Long term readers may be suspecting hypocrisy on my part as I’ve argued against the depiction of Muhammad because it’s offensive to Muslims, but the difference here is that Muslims themselves don’t make statues/artworks of Muhammad, while there are giant statues of Buddha all over Asia.

Unfortunately when it comes to Big B’s image, the ship has sailed and it’s all over t-shirts and posters, many of which are slightly less than reverential. Go to any shop catering for hippies/stoners and you’ll see Buddha, or more accurately the “fat” Buddha on lighters or turned into bottles and bongs. That doesn’t make it right, but I’ve never heard anybody make a fuss. If these are offensive maybe the word should get out a bit more.

The thing is, even if the law in Myanmar states that you can’t insult/damage religion, you’d still have thought that Buddhists could intervene or argue for the defendants. They can appreciate the law, but given the religion’s seemingly peaceful, nice nature you’d have thought they’d defend the accused, saying that they made a mistake but don’t deserve imprisonment. And that would swing the tide, because according to the BBC around 90% of the population is Buddhist.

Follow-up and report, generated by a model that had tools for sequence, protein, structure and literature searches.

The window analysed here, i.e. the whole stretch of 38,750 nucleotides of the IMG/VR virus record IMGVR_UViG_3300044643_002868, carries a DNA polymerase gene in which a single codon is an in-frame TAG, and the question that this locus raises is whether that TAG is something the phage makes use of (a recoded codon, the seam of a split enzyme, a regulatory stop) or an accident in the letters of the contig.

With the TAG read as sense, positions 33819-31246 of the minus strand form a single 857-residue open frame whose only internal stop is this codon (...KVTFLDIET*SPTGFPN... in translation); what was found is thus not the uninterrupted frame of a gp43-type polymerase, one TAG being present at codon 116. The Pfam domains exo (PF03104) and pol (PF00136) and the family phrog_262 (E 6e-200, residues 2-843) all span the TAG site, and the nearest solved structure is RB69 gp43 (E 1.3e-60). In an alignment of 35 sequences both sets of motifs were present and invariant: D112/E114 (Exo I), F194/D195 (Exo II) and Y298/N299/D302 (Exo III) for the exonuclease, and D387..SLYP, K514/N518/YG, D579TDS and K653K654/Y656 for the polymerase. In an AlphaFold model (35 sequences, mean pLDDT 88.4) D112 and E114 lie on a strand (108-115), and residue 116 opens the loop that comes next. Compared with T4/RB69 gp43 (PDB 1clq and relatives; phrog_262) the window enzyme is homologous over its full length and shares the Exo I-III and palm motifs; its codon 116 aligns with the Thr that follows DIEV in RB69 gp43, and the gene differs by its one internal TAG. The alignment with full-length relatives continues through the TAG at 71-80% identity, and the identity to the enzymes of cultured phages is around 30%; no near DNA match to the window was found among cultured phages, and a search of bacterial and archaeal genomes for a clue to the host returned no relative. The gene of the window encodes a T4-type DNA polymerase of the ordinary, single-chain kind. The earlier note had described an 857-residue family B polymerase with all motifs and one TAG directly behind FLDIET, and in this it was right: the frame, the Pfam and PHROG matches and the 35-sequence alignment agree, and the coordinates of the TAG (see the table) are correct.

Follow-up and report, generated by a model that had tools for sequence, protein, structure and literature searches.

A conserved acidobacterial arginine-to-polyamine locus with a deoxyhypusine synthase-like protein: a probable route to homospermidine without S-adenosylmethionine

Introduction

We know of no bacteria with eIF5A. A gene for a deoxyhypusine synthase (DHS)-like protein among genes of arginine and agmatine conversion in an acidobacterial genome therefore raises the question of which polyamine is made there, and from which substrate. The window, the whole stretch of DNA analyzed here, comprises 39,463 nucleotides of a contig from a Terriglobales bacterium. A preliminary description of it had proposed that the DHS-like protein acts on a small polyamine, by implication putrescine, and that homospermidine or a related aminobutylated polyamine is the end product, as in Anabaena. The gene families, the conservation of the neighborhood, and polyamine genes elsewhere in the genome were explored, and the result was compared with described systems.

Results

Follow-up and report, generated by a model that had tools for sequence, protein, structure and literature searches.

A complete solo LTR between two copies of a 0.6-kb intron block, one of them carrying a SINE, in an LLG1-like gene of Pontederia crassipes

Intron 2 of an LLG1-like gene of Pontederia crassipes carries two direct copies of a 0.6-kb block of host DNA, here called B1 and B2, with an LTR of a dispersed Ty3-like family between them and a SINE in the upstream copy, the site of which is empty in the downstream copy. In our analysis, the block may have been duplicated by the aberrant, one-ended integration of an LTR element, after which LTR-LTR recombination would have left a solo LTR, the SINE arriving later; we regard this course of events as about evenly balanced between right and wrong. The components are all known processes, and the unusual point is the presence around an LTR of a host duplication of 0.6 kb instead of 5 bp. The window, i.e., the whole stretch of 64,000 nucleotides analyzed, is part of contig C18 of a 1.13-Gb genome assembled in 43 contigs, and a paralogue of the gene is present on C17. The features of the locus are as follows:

From what little I know of Buddha, I can’t see him taking a “lock ’em up!” attitude in this case, so maybe the Burmese should start wearing bracelets with “WWBD” on them, although they may ignore them as some Christians do with their slogan accessories.

Any thoughts? You know what to do. BETEO.

Budapest Part 3: The Mummy’s Hand

St Stephen’s basilica is decorated in the normal, understated Catholic way of having gold and statues everywhere. Cherubs stare down at you creepily from the corners, Jesus, the disciples and even the Big Man himself are depicted on the ceiling and golden light fixtures stand on the walls.